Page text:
The next school year, a friend's father was packing up a lot of old photography equipment to give away, and I volunteered to take it off his hands. The loot included an old Nikon rangefinder 35mm camera (that was older than I was), filters, a basic light meter, and a full set of darkroom equipment (I'm still using those original trays & tongs). That was the beginning of my hobby.
I graduated high school early. By this time, the camera was ensconced in an old army surplus gas mask bag that was constantly slung over my shoulder. The camera followed me everywhere -- in fact, I felt naked without it. The camera followed me to college (Goddard College in Plainfield, Vermont) where I continued to use it to do people photography. While I may have done the occasional nude photograph in college, I was mostly focused on landscape photography (Vermont was beautiful!) and people photography. In fact, I have somewhere some images of a very young David Mamet (a visiting artist at Goddard) and William H. Macy (a dorm mate). During college, I strove to expose two 36-exposure rolls a week.
After graduation, I continued making pictures, but work ate up free time a lot. After a few years in "the real world", I went to graduate school at the University of North Carolina. Photography slowed down a bit, but I still kept at it. After graduation, work really absorbed my time, and my production dropped significantly. For a while, though, I was the "staff" photographer for a local theater, photographing the plays & actors for the lobby. I also did the dance photographs at this time.
But I found that doing less photography meant that I was less happy overall. I committed myself to doing more photography in the early 90's, and I chose to focus on nude photography as a challenge. So, some of these images you see here are maybe 10 years old. I gradually ramped up doing nude photography, participating in nude photography workshops in Northern California primarily. Eventually, in the late 90's, I felt comfortable enough to host my own private sittings.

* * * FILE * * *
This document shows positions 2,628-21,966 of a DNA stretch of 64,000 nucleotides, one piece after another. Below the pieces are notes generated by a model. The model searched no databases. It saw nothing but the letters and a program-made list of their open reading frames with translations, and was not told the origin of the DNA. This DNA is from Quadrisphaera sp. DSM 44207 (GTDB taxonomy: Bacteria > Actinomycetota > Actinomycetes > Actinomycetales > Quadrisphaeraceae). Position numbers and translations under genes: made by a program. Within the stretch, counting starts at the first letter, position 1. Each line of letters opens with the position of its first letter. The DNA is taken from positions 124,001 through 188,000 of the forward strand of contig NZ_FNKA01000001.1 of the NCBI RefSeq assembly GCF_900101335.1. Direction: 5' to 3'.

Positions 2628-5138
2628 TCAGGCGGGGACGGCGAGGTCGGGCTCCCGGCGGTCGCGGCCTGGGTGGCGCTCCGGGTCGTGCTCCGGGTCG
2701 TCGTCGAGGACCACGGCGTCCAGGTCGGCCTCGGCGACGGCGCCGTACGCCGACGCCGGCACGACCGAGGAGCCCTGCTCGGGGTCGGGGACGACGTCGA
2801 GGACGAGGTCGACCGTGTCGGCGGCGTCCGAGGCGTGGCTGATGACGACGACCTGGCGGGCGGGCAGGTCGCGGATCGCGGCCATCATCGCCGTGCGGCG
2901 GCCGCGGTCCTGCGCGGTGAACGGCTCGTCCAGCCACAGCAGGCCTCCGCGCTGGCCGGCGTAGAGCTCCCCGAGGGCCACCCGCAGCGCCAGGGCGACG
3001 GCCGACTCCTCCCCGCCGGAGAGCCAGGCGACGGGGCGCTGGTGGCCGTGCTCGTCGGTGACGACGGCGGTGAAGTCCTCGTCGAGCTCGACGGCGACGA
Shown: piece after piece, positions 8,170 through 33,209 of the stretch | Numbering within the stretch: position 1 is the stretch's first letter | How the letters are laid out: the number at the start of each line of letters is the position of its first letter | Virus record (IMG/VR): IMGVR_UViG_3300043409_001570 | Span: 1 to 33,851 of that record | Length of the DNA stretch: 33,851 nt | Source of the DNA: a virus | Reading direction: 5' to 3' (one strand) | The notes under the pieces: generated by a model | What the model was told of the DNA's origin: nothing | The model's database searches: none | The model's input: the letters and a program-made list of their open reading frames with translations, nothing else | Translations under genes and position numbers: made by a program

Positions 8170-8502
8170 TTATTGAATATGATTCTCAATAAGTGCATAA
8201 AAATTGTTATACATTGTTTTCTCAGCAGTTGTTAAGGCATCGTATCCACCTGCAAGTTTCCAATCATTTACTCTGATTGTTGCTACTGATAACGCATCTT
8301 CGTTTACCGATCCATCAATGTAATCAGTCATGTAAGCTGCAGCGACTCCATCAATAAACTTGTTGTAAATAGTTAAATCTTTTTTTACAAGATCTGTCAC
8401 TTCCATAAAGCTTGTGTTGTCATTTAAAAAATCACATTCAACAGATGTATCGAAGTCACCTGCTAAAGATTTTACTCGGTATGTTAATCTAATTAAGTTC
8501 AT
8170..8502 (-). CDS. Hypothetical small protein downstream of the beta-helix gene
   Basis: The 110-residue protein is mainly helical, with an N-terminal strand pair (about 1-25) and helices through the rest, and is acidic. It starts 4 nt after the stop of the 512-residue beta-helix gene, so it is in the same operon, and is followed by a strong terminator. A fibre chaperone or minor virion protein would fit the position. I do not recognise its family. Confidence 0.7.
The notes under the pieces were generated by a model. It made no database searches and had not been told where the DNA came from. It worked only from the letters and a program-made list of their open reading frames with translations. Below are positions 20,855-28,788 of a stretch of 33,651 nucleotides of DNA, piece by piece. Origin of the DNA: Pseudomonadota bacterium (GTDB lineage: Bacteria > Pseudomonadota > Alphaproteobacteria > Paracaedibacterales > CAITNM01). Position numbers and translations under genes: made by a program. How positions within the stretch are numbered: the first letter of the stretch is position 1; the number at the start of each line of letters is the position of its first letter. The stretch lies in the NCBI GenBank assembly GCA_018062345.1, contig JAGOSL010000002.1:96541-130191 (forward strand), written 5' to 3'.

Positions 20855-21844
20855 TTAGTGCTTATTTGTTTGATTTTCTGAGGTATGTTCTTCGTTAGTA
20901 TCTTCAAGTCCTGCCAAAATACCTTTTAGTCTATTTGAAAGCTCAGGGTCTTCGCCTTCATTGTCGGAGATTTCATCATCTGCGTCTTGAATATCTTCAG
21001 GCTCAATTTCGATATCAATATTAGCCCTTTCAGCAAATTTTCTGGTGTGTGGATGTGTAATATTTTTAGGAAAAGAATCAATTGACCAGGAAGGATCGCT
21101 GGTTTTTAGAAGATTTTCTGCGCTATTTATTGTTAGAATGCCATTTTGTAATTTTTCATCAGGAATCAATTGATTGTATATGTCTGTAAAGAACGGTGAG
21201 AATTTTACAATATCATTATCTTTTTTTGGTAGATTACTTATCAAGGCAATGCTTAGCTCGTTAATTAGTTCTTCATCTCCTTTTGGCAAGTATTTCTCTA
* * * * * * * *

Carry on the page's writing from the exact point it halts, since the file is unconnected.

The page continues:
The rest, you can see here on this site.
I get this question fairly often, to which my immediate reply is, "well, does your wife/girlfriend want to be photographed?" I find it best that if someone wants to be photographed, they themselves should contact me. That saves a lot of time for all of us. Then, look at this next question, below.
Maybe. Before we get too serious about setting up a sitting, consider the following:
So, the initial key question: are you working for me or am I working for you? If you are working for me, I will compensate you & will expect to put the resulting pictures on the web. If I am working for you, then you would be paying me & you would retain the rights to the resulting photographs. There is no scenario where I would compensate you & allow you to retain the rights to the photographs. I'm not a lawyer, but the person who pays the other person typically winds up with the rights to the photographs.
Okay, I've been candid. But I like to think that I can help inexperienced models. I'm fairly easy-going & quiet; I am certainly respectful, so I can be a good photographer for amateurs.
So, the answer is maybe. Some things that would help:
Note: The last person who asked me to do this for her backed out at the last minute. While I respect her decision to decline to pose nude, it is annoying for me to put in the time & effort to do someone a favor, only to have it fall apart in the eleventh hour. Thus, I am somewhat reluctant to undertake this kind of thing.